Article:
Grasping the nature of life is like catching a whirling eddy in a stream: the moment you have it in your hands it disappears and leaves you with the matter but not the form. For centuries biologists have been seizing life in different forms, holding it briefly, and then seeing it disappear as the collective belief, the energy that maintains the form, dissipates. We have had the organism as the expression of a vital principle, as a machine, as a complex chemical network, as a result of natural selection. None of these attempts to characterize life is wrong. Each gives a distinctive insight into the nature of organisms, but each is also limited. The latest vision sees the secret of life in the DNA coiled at the heart of every cell, organizing the dynamic activities of an organism like a conductor bringing coherent form from the orchestra. Now that we have looked deeply into this secret we see that it, too, is dissolving, or rather, exploding before our eyes. We are overwhelmed by what appears to be the sheer complexity of the information in the DNA and the problem of making sense of it. Information has meaning only within a context, and the living context still evades us.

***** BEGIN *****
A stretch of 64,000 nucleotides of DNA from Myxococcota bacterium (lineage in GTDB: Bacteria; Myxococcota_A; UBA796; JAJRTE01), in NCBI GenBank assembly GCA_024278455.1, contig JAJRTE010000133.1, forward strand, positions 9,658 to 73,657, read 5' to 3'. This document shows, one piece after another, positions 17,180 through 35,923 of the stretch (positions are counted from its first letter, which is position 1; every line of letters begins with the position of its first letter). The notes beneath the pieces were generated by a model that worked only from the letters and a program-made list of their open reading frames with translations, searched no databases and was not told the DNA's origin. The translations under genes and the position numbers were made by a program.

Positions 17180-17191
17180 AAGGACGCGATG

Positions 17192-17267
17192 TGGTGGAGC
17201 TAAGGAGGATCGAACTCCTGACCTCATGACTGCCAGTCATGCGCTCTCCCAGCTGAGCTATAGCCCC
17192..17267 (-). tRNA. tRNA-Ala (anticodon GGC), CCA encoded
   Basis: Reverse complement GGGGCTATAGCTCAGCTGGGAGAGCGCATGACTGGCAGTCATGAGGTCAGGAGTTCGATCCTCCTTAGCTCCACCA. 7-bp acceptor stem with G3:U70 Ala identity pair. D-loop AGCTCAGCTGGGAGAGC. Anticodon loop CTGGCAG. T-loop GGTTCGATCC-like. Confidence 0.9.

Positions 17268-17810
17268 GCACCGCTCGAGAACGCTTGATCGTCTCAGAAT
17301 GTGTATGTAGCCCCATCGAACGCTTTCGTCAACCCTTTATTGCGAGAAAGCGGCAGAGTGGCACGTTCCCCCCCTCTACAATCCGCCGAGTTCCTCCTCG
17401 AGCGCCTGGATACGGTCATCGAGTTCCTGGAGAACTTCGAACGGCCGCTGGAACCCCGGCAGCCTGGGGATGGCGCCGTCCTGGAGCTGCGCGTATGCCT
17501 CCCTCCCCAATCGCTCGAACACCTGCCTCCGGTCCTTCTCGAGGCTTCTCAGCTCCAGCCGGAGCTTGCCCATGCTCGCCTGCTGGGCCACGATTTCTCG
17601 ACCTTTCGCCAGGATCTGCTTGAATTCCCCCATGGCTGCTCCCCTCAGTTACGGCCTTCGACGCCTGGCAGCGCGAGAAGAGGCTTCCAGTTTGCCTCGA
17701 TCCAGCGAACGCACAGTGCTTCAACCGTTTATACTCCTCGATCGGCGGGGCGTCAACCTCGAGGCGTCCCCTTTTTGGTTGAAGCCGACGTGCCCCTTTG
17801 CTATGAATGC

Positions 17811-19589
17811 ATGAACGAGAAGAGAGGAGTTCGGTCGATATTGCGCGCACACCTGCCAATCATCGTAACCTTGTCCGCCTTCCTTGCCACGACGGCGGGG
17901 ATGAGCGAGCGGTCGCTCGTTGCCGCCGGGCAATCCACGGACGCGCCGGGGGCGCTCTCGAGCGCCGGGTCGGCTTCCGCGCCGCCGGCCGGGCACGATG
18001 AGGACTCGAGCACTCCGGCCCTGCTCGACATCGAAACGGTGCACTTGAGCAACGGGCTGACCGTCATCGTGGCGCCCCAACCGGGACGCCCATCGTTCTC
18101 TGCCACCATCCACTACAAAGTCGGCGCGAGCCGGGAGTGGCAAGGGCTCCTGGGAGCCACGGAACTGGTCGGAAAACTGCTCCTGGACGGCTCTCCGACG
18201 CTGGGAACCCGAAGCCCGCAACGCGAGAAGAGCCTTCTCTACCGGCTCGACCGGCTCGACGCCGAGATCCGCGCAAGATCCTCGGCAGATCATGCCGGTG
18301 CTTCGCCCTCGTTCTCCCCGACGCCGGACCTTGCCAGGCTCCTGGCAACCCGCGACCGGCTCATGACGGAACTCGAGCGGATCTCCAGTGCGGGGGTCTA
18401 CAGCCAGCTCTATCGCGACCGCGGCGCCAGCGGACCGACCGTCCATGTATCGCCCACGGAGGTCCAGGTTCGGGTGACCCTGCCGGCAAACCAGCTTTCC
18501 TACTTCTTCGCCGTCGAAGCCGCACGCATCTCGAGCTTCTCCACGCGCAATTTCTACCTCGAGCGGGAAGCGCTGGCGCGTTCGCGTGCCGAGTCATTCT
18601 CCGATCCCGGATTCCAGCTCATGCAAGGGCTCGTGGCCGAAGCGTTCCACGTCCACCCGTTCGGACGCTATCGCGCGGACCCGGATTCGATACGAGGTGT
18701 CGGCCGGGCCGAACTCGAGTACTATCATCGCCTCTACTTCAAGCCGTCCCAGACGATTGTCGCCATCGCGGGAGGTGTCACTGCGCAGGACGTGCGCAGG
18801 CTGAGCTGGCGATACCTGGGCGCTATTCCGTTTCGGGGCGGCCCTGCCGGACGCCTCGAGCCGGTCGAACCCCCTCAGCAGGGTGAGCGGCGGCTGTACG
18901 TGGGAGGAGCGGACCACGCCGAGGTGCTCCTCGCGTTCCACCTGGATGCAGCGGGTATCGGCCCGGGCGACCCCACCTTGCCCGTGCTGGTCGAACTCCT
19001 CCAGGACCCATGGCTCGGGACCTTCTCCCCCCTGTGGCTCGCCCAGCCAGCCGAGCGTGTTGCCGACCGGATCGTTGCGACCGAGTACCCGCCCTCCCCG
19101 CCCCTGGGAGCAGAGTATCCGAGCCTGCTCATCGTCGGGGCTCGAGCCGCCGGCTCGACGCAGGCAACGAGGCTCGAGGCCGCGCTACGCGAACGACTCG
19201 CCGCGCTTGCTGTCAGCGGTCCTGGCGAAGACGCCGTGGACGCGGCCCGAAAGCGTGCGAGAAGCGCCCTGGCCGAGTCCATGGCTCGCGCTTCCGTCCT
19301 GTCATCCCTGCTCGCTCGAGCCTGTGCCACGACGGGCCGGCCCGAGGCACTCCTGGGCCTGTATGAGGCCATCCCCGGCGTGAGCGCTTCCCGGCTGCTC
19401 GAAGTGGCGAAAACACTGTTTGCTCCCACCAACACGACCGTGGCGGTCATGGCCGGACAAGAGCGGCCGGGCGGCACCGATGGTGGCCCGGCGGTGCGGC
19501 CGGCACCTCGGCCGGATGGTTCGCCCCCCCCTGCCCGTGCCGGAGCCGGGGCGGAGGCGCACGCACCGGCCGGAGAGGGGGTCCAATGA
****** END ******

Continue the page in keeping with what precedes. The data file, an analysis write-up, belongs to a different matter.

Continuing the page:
Signs of Life is about this context, understood in terms of a new dynamics of living processes that has been taking shape in recent years. A remarkable burst of creativity in science is transforming traditional disciplines at an extraordinary rate, catalyzing movements whereby old boundaries are dissolving and newly integrated territories are being defined. The new vision comes from the world of complexity, chaos, and emergent order. This started in physics and mathematics but is now moving rapidly into the life sciences, where it is revealing new signatures of the creative process that underlie the evolution of organisms. A distinctive sign of life is the emergence of new order